Terpenes, aromas and flavors in cannabis


At Allora Labs we analyze everything that circulates in the market to protect users, but our commitment goes further: we want to bring the laboratory closer to people. We not only analyze terpenes for their composition, but we also seek to share those results in an understandable way so that users understand how they influence the effects of the plant. With the aim that users make conscious choices.

A journey through the history of cannabis

Since the state of California took the first step toward regulating cannabis for medicinal purposes in 1996, the plant has traveled a challenging path toward widespread acceptance.

Although many places in the world still impose severe penalties on users and growers, progressive countries are seeking to decriminalize and regularize the cannabis industry. These changes not only seek to address issues related to recreational use, but also to recognize and take advantage of the medicinal benefits that the plant can offer.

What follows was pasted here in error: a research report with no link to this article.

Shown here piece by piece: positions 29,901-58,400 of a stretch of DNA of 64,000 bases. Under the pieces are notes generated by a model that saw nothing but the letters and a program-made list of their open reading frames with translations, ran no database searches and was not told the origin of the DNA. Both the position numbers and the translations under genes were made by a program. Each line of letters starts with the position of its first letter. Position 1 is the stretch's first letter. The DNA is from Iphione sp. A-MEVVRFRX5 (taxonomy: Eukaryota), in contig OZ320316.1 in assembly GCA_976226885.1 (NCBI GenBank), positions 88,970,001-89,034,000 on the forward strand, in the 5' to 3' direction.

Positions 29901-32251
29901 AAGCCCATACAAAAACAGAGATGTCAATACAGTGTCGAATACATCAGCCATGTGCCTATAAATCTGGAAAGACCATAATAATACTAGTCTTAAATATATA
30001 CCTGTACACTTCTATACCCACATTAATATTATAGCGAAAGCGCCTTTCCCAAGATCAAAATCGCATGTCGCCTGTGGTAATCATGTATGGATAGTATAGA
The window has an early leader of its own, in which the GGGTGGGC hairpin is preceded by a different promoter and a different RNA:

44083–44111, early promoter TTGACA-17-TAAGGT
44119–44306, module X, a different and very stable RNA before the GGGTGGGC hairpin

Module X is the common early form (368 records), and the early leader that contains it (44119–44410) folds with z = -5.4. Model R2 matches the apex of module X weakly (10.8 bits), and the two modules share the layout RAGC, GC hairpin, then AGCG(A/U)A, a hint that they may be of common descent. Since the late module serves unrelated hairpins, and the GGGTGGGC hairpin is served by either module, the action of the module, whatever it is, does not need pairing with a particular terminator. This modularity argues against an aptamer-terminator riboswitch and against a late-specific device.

Internationally, several countries have adopted more tolerant approaches and are exploring ways to regularize cannabis use. Some have established medical cannabis programs, while others have moved toward full legalization.

This trend towards standardization and regulation is supported by a growing understanding of the medicinal, economic and social aspects associated with cannabis.

The legal landscape of cannabis remains diverse, this journey through the history of cannabis reflects the complexity of the evolution of attitudes towards this plant, which has gone from stigmatization to growing acceptance in many corners of the world.

Terpenes, the hidden gem of cannabis

In our laboratory we place a special focus on terpenes, which are those compounds responsible for the unique aromas and flavors of cannabis. From the beginning, terpenes have been our favorite part of the plant. People can more or less control THC or CBD, but terpenes are key to understanding all the effects